Today marks the first anniversary of Semiduplex. While we said that we did not have a program when we launched this blog—and, indeed, we did not—events soon ran ahead of us. If you’ll recall, the Ordinary General Session of the Synod of Bishops convened a few weeks after Semiduplex went live. Who could forget? And that experience has really set the tone for Semiduplex since then.
We anticipated writing that we were going to try to adopt a more eclectic focus, returning to our initial plan to have no plan. Certainly, we wish we had written more about music and books over the past year. On the other hand, developments in the Church, ranging from Amoris laetitia to the decidedly underwhelming reforms of the Curia, have called for some comment. And to a certain extent, that is probably as it should be. It seems perhaps a little frivolous to avoid talking about these developments in favor of lighter things. That having been said, we plan on trying to include more of these lighter things in the future, if only to break up the monotony.
We have occasionally written on political matters and the liturgy, and some of our most popular posts have been on those subjects. We plan on writing more on these topics too, especially on political questions, but the presidential election has reached a point where we are no longer especially interested in commenting upon it. That said, we have the sense—others do, too—that we are at the end of an era politically. American-style liberalism has never looked weaker or less attractive than it does now, and more than ever people are turning to the Church and its teachings for clear guidance on navigating an increasingly complex political environment. Traditionally, the Feast of Christ the King was on the last Sunday in October, which seems more than usually significant this year. At any rate, we think we ought to start discussing these questions a little more regularly.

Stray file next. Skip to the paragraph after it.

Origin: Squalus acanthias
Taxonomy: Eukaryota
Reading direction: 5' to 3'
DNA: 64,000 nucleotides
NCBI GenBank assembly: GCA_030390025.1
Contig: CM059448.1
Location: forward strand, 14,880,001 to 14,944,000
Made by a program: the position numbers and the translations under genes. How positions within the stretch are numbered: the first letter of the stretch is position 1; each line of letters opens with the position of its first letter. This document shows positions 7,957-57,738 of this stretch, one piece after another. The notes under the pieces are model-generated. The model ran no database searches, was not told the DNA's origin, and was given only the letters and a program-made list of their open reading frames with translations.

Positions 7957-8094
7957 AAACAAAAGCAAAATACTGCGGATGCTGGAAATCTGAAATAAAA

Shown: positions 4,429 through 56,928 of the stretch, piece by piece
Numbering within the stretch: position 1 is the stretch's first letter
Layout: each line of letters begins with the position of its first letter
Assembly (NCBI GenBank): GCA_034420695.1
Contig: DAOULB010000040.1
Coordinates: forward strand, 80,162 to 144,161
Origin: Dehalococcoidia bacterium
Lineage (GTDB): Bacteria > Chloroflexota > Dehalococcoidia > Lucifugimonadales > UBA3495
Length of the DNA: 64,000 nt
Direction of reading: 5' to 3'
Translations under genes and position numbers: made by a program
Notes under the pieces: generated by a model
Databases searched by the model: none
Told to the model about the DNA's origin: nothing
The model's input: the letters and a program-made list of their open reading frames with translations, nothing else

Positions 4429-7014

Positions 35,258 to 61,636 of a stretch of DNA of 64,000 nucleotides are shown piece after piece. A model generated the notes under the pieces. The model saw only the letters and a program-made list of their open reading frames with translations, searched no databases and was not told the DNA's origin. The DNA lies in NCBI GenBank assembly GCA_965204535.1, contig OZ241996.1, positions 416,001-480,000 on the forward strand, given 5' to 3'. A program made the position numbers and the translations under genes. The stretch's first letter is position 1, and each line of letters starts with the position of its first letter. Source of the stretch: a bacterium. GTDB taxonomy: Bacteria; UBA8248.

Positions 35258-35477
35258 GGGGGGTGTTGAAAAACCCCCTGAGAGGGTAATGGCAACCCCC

Turning from content to reaction, we have been surprised at the popularity (or infamy) of some of our posts. We have been linked by much bigger operations, and we have had some thousands of visitors and many thousands of page views. Of course, we are still small potatoes, even within the world of traditionally minded Catholics, and we don’t anticipate that that will change. (However, we are always tremendously gratified to see that we’ve had a visitor with a Vatican City IP address. Tell your friends about us! Leave us up on public computers in Santa Marta!) We have been linked to by other blogs, mentioned on Twitter, and even have gotten some emails from readers. Not fan mail, alas, but it’s a new year. Earlier, we indicated that we might liberalize our content policy, but then we never got around to doing it. That people have linked to us or mentioned us on Twitter indicates to us that our initial instinct is correct: people don’t need our combox to comment on us. So, for now, we’re going to stick with the current commenting regime.
A post like this is terribly self indulgent. We will, therefore, refrain from trying your patience any more than necessary and say, simply, that we are deeply grateful that you have chosen to spend a little time with us on matters that we both take very seriously. We hope that we have repaid your time with something that is, at the very least, interesting. Or, if not interesting, at least infuriating. After all, as a famous woman said, isn’t it better to be angry than bored? (Probably not spiritually, we must admit.) We close by saying that we hope, very much, that this upcoming year is much less eventful than the past one.
Yours very truly,